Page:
Like that's one of the things I do when I'm working with individuals is we look at that. "Where is your greatest contribution to the organization? What, what would you love it to be? What do you think it could be? What would you like it to be? And how might that challenge you? And how might you bring some of your current strengths and abilities into becoming great at that?

It's like this constant growth. Like a lot of us get into our forties, we get our, we, we stop growing. No wonder we're bored or burnout, whatever you want to call it. I call it bored out. Or yeah, bored. So do you feel effective at what you're doing but also challenged by it? Move into the, move into the resistance, go find some challenge.

If you don't have it, go create it. It's, it's a choice you choose. Number three. So the first one is, do you feel a sense of choice? Number two, do you feel effective at a while also challenged? Number three, do you feel you're able to do it on your terms? On your terms. Do you feel you're able to do it or are you doing it on your terms? Meaning, is this an inside out job or is it an outside in job? So that's probably a little confusing, let me explain. 

 For you to do something on your terms Ralph Waldo Emerson shared a, he said this, he said that, to be yourself in a world that's trying to make you something else is the greatest accomplishment. To be yourself in a world trying to make you someone else is the greatest accomplishment. That's what I'm really talking about. Are you doing and being it in a way that you believe others expect you to do it?

Or are you doing it in a, from a creative space? That's the distinction. Do you feel you're doing it on your terms? Doing it on your terms mean it's a creative act. You are the artist of your own life, of your business, of the results that you're trying to create in your organization. This isn't an act.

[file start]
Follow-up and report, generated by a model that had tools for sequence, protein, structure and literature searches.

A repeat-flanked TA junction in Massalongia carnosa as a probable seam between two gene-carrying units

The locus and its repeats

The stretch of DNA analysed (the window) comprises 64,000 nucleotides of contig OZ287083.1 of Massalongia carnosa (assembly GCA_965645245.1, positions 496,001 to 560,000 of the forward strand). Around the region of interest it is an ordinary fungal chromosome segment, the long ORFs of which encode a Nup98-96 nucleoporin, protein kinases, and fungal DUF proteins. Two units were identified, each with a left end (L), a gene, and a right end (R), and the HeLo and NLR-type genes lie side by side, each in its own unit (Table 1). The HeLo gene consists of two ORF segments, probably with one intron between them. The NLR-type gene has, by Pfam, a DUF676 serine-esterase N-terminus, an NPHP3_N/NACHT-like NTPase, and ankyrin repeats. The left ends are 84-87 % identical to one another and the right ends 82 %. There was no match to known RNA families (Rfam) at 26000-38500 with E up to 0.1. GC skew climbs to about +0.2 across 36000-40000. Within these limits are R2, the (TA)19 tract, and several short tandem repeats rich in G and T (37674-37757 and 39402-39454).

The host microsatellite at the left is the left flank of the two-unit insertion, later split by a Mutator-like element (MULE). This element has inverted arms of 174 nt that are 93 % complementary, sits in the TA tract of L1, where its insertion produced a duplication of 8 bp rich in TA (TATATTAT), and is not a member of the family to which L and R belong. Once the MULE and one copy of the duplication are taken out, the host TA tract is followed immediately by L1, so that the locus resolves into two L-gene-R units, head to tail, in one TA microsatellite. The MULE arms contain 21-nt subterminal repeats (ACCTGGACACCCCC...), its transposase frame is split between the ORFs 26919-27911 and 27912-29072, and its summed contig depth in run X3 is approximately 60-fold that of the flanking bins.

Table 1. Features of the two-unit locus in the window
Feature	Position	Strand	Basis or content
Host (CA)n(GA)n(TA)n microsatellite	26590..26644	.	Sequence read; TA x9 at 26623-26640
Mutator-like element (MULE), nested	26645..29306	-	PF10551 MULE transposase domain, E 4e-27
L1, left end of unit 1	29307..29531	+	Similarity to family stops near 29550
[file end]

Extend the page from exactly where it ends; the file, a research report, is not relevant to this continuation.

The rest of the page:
We're not trying to, you know, take something on, but do it in a way that we think our peers are going to approve of us. 

 Like, I'm not suggesting we just blatantly go be rebels out there, but what I am, I'm just encouraging you to check in, like get out of everybody else's head because most of us aren't who we truly are.

We're being who we think others think we are, or we're being who we think others expect us to be. And we never truly tap into that gift that we have in our, our own creative insights. So to do something on your terms. I don't know. For me, it was like magic when I started to get a sense of my own creativity and as a young professional, I wasn't in touch with it.

I wasn't. I was reading every leadership book out there telling me what I should be doing as a leader. And I was trying like heck to be that type of leader. I was looking at the leaders I admired and I was trying like heck to be like them. And the person I was least connected with was myself and my own values and what was important to me and what I thought.

Like I was like disconnected from what I thought. Like I was running everything through the filter of "what do the leadership books say?" And "what would he say about it? What does he think I should do about this? What would he do? What does he think I should do here?" And I would try to like use that as my operating system almost.

And it wasn't until I started, frankly, it was when I started writing, I, I kind of secretly started a blog and I was writing on medium.com and I was just like... It was a safe space for me just to write my ideas and they were terrible, it was terrible, but it was authentically me and it was me working through my own ideas.

And every time after one of those sessions, I left like feeling a little bit more alive. Like, "Oh, I have something to say." It's maybe not worked out perfectly yet. And it's maybe confusing, it's still hard to articulate, but it started connecting me with something, a message, and I don't think it has to be words.